When making weekend plans with Seri, we tossed around the idea of going to the craft store, maybe a cemetery.
We could go to Prabhupada’s Palace of Gold in West Virginia, I hinted.
My suggestion was met with a resounding “Yes.” A day at an Appalachian Hare Krishna compound? Who could say no to that?! (Don’t answer that.)
The Palace is located in its own town of New Vrindiban, just outside of Wheeling; it’s reached by a series of seemingly infinite winding country roads, the kinds with curves so sharp it makes you think you’re going to plummet into a gorge if you do anything more than 15 MPH. (In other words, do not drive while receiving BJs on this stretch of asphalt, my friends.) It was farm house, cemetery, church, farm house, cemetery, church, farm house, cemetery, church for 8 miles. But it was OK, because I made a CD full of Chiodos, Circa Survive and Sade especially for this trip.
(You’re welcome, Seri.)
My gas light went on literally right as we passed what would be the last legit gas station for miles and miles; I was a little worried, but for most of the drive we were behind a rusty pick up truck, the bed of which was occupied by a lawn mower and a teenage boy, and I was sure they had a gas can in there somewhere, too. (I mentioned at one point that I thought the kid was pretty hot, and Seri rejected my opinion.) The further along this road we traversed, the more sure I was that we weren’t going to be stumbling upon a gas station any time in the near future and once we broke down, probably all of the men in the pick up truck were going to eschew rescuing us in favor of raping us and making us cook them sloppy joes for the rest of our lives.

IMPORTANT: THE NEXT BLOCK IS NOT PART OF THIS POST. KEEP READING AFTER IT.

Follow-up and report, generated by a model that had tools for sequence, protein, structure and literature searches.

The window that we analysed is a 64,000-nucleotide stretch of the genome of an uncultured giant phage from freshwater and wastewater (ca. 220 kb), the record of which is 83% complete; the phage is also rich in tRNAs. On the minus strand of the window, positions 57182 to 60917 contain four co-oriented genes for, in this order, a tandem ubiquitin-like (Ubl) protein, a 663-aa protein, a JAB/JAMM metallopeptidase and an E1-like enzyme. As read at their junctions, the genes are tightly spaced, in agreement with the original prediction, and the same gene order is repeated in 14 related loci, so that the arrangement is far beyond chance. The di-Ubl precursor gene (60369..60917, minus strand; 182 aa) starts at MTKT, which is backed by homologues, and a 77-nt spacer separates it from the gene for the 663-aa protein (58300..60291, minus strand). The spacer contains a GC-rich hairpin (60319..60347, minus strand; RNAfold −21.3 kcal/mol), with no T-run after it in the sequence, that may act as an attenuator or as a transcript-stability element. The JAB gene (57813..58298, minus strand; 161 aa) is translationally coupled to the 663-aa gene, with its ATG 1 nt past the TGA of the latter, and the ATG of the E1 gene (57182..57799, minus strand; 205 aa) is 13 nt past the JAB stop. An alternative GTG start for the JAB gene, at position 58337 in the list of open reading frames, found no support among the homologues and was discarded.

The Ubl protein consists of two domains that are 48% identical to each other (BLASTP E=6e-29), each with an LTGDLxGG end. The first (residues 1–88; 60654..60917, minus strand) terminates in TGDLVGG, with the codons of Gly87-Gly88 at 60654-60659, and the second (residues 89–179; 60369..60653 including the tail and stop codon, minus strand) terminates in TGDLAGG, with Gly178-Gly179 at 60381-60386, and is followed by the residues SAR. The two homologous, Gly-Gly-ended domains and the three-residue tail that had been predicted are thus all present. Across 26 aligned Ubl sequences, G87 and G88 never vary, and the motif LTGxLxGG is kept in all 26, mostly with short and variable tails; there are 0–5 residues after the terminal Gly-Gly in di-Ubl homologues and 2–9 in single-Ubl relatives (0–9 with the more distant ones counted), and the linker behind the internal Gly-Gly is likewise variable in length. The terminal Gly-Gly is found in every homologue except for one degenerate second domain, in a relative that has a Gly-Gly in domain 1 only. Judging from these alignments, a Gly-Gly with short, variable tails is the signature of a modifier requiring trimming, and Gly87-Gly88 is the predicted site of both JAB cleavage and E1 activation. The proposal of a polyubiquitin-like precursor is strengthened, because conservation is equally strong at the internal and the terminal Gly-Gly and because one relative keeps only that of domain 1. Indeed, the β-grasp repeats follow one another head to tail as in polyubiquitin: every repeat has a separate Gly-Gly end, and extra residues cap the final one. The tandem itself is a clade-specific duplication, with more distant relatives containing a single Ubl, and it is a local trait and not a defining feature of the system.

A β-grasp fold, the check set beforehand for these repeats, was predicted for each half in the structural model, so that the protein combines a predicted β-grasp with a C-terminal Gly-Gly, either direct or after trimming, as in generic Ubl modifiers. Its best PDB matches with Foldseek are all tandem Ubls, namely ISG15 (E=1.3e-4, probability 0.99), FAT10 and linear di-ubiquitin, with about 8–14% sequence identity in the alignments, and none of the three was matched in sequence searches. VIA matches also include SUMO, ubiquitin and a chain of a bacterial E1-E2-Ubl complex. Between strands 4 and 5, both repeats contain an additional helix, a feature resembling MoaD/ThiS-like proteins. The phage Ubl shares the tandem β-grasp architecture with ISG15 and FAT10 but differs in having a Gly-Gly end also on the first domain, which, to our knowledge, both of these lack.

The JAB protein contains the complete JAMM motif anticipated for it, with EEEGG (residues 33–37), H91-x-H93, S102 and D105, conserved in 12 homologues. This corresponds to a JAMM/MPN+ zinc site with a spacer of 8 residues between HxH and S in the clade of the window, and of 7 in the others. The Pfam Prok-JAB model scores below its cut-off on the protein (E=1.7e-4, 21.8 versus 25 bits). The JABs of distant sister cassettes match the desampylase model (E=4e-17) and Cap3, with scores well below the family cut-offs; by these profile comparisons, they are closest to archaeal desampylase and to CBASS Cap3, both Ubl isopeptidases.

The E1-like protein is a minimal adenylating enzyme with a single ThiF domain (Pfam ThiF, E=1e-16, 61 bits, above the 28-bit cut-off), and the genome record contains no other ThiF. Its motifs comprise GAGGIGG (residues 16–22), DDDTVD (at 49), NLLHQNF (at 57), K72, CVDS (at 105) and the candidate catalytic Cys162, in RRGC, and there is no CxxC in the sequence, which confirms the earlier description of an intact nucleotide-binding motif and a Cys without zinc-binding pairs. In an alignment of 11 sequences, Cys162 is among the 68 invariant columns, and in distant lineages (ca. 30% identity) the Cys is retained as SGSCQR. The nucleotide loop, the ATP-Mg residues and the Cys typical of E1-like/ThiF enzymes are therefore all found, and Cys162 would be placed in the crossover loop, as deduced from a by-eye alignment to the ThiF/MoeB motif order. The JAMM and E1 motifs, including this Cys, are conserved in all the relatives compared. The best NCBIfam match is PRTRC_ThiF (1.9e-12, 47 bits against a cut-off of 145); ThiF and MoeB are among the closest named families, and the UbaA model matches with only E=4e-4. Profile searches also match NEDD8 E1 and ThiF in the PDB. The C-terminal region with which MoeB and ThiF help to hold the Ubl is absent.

Eventually, the curvy country road turned into a pot-holed path coiling through the wooded hillside; we promptly lost service on our phones right after Seri called Pete to see how long we could sustain with the gas light on. (For the record, he told us we were fine, but I think that’s because he wanted to laugh at us after our ride home to Pittsburgh in the back of Henry’s juice van.)
I decided to defy Pete and turned around in the gravel driveway of someone who certainly had at least two decomposed bodies propped up on milk crates in their basement and was definitely sitting in stretched out underwear on a stained futon, skinning a possum for tonight’s pot roast, and drove back to the first curvy road where we had passed a small, no-name, one-pump gas station.
(You’re welcome, Henry.)
It was the kind of gas station where the overall-clad attendant blows into a ram horn to alert the nearby hill-dwellers that city folk are on their way, get yer slingshots ready and yer inbred dicks lubed.
Except that this gas station accepted credit cards. But that probably just means they’d use a phone instead of the rams horn.
The old lady clerk had to come outside and help me pump my gas, at which point the entire pump started churning and clanging, like there were tiny mountain men inside of it, peddling wooden unicycles to make the gas spurt out of the hose.
I should probably check my bank account at some point to make sure I didn’t get overcharged so some West Virginian gas shanty could buy a new sign for the shop. Or, you know, a sign.
We headed back to the curvier, hillbillier of the two roads. This time it was four miles of trailer, forest , abandoned house, trailer, forest, abandon—OMG DEER!, pot hole, trailer. (Roadkill is implied.) We were basically writing Tobe Hooper’s next movie for him.
(You’re welcome, Tobe Hooper.)
(Please get Elizabeth Olsen to play me.)
One last curve in the road and there it was, the Palace of Gold. We entered a door at the far end of some strange wall that looked like it belonged on a Spanish villa, not some Taj Mahal knock-off, and crunched across the long gravel walkway until we reached the steps to the palace.
And that was our first indication that the palace, while a gilded architectural fairy tale from the road, was actually in quite a state of disrepair.